Which one is money?
Ever since the invention of franking, we haven’t been able to decide among ourselves. But we’ve voted with our feet, and increasingly we prefer the label as money and the gold as an investment.
First, gold coins were preferred to unfranked gold. In ancient Rome, there were several economic crises caused by the adulteration of the coinage — if the real value of the coin changes, but the label stays the same, the result is to destroy confidence in the gold and the coin. If there are two types of coin, stamped the same, but one type is known to be more valuable, the valuable ones are hoarded (as an asset), and the less-valuable ones are spent (as money).
The next innovation was the promissory note. At cards, in the hunt, at the tailor’s or during marriage negotiations, a nobleman didn’t always have large quantities of gold and silver on his person. The substitute was his “note of hand” and the topic bears brief discussion.
A note of hand or promissory note is a promise to pay later. A great lord, known to be rich, could write you a promissory note which was as “good as gold”, and this was literally true: these notes were treated as money, there is case law to support the idea that they were to be regarded as literally interchangeable, and they changed hands as so much money’s worth of paper. A banknote is a promissory note from a bank or a state. If you have any cash, you can check this for yourself. In the UK, the oldest home of central banking, the new, plasticized banknotes still bear the head of the Bank of England’s signature over the monarch’s “promise to pay the bearer on demand the sum of” so many pounds in money.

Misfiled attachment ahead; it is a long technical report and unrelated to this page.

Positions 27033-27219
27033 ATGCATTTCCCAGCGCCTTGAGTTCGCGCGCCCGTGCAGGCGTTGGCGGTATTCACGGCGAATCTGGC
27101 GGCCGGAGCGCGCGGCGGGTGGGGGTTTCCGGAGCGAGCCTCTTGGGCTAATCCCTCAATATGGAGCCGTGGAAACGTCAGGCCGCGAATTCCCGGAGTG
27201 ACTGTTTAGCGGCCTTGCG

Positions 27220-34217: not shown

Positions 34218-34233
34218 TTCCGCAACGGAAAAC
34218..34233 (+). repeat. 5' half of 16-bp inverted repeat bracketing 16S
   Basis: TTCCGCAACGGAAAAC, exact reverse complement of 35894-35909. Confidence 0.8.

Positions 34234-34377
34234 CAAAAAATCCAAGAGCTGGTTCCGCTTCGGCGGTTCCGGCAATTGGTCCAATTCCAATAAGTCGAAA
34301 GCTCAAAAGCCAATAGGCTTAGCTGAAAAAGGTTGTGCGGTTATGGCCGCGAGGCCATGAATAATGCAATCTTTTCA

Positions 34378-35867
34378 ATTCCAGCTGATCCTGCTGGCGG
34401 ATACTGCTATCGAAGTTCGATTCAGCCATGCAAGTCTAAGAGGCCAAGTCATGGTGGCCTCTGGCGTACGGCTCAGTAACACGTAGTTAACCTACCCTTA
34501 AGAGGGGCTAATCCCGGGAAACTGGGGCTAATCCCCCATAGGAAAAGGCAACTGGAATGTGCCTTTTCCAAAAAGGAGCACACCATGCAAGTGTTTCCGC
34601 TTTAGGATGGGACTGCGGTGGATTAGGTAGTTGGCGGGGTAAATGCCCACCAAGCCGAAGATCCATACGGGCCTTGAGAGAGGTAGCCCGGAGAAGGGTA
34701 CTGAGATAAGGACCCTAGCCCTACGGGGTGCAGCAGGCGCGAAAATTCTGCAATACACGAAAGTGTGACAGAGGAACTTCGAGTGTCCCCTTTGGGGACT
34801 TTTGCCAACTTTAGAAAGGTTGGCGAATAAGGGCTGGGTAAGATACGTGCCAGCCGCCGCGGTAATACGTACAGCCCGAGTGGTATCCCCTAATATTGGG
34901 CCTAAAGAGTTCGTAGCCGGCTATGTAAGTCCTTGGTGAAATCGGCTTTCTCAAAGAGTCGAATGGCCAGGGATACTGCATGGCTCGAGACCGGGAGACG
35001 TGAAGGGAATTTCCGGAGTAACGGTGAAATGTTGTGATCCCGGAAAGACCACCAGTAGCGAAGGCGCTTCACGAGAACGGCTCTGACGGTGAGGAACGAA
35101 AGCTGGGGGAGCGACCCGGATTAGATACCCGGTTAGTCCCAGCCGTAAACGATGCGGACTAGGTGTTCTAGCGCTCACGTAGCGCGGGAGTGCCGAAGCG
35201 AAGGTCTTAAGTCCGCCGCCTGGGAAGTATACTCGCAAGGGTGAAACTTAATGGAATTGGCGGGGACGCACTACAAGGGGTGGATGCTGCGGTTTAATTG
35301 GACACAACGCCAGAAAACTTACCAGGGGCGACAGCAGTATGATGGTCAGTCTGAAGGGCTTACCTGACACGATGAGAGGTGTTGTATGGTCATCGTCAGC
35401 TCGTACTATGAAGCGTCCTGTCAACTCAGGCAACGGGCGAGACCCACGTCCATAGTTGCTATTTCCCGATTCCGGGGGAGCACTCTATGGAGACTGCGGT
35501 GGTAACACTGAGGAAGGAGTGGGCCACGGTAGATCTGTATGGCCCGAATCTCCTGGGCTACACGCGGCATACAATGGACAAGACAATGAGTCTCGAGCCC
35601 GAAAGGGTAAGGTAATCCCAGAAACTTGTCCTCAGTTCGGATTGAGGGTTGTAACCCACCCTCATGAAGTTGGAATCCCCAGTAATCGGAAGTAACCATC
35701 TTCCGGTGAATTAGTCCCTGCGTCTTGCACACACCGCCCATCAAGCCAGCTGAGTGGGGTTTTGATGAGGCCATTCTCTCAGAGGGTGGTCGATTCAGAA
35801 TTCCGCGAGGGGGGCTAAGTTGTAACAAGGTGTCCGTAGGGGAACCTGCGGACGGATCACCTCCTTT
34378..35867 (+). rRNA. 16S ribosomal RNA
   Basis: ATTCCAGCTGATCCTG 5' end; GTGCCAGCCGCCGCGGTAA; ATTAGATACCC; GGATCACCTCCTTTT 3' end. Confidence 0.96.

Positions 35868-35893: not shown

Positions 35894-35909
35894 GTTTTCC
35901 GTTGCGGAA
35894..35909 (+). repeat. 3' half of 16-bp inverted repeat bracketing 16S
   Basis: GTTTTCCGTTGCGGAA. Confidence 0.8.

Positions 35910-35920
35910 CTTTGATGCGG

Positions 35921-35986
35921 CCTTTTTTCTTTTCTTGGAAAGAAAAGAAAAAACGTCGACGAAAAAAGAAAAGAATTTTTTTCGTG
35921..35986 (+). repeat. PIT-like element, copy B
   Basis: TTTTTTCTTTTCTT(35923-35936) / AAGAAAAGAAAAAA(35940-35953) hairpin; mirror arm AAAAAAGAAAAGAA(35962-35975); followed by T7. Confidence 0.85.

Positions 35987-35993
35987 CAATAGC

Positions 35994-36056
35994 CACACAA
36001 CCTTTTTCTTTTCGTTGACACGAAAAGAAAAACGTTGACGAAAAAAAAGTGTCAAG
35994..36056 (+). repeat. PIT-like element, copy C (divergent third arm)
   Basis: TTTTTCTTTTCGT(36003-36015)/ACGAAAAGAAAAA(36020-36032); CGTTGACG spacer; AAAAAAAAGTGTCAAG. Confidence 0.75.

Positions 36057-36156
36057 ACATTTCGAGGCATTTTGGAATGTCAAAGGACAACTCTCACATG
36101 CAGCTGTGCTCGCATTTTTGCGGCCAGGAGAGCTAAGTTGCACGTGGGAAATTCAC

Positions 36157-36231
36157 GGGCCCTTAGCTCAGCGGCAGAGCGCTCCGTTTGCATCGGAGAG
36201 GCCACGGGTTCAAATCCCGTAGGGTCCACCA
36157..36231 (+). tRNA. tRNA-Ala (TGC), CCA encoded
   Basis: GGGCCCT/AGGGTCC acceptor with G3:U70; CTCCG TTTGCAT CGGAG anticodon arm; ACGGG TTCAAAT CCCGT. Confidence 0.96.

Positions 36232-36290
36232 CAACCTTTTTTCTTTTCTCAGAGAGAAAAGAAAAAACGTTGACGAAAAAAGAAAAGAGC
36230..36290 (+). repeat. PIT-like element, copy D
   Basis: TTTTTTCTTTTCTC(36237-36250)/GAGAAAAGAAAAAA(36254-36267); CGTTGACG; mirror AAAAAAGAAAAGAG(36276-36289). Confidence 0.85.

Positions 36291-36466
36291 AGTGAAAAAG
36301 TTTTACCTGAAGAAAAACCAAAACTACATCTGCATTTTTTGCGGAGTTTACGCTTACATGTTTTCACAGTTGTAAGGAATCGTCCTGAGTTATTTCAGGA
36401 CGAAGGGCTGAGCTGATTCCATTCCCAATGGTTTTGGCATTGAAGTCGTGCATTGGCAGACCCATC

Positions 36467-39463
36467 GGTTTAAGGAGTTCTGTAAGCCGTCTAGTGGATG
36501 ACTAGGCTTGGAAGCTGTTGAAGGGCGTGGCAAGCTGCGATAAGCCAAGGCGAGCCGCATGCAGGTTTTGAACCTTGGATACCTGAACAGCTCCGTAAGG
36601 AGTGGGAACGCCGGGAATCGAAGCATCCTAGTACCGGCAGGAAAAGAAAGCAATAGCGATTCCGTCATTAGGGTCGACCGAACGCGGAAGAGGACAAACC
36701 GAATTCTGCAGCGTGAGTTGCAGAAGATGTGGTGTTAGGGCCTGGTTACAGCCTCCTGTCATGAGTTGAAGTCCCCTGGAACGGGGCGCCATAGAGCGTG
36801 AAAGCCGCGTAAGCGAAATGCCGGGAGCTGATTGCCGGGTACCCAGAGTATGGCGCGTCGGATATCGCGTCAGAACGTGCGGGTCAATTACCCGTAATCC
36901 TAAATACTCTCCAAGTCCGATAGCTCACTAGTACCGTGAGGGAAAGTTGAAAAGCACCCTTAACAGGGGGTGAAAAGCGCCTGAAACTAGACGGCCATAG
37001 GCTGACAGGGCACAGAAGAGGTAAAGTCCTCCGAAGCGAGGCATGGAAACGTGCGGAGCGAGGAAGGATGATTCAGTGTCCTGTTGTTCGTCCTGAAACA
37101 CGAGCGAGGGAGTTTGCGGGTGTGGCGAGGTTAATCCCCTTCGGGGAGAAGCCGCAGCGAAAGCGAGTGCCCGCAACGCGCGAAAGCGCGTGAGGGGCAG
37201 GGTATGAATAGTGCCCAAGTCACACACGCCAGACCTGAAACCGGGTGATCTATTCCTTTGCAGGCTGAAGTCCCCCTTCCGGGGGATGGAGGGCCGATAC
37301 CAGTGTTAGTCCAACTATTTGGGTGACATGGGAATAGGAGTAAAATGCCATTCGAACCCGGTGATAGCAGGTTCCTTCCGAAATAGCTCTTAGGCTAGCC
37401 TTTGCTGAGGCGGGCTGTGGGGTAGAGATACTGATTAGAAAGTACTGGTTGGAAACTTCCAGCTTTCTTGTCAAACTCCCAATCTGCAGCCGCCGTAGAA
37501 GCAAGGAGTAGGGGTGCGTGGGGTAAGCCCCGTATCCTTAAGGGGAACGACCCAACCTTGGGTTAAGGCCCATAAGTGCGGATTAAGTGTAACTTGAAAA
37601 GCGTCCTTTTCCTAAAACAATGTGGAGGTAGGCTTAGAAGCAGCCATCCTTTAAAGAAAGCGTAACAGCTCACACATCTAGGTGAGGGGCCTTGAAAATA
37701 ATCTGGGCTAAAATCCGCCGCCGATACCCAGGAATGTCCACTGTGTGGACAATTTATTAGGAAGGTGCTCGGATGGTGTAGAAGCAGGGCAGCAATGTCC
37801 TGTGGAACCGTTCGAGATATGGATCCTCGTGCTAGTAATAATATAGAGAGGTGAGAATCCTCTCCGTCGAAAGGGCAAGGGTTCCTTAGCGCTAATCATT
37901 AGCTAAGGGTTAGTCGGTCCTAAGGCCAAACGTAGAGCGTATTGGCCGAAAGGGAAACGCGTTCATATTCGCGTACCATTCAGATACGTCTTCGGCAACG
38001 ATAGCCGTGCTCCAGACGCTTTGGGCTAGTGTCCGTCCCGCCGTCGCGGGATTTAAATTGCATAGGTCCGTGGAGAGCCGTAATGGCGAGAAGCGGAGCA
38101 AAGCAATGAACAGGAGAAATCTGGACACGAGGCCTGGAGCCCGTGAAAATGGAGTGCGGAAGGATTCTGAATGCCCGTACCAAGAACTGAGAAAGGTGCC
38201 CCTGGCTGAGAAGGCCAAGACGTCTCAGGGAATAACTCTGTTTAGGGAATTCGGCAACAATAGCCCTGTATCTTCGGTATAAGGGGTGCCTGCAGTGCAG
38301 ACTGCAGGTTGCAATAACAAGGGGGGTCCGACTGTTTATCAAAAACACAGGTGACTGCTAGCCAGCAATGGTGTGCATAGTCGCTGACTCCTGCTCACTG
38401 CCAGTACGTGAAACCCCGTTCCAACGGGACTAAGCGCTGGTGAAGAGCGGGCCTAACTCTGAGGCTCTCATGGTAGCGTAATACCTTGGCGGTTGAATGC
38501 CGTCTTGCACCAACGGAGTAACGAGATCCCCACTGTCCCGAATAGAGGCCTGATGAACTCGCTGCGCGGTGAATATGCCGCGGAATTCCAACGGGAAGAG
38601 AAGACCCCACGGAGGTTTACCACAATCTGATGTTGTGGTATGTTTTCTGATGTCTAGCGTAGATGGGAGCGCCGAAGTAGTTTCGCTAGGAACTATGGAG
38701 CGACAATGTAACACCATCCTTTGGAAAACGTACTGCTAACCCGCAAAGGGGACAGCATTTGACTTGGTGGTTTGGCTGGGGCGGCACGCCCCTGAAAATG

States began to issue promissory notes when, inconvenienced by the nineteenth and twentieth centuries’ unprecedentedly expensive wars, they found they had insufficient gold and silver about their persons. Physical notes were issued to the populace; promises to pay were offered to other states. In the story of cash, everyone from the wealthy to the ordinary, from institutions and businesses to the state to the individual, has played their part, introducing or spreading innovations.
From the banknote to the cheque and the credit card, the trend has been long but its direction unmistakable: the separation of money’s purchasing power from a physical store of value. When a modern consumer buys a round of drinks on a credit card, the bank promises to pay the bar, and the customer promises to pay the bank — i.e., to transfer figures from one electronic record to another. No money will change hands, and if it did, it would itself comprise merely the promise of payment.
The modern bank account thus bears little resemblance to a strong-box filled with gold. From trusting the goldsmith that the coins are pure and of full weight, we moved to trusting the state that it could make good on its promissory notes. Now, there is nothing behind the “promise to pay” but more notes, and a bank account is not an account of money owned by you and held by your bank; it is the bank’s account of its debt to you.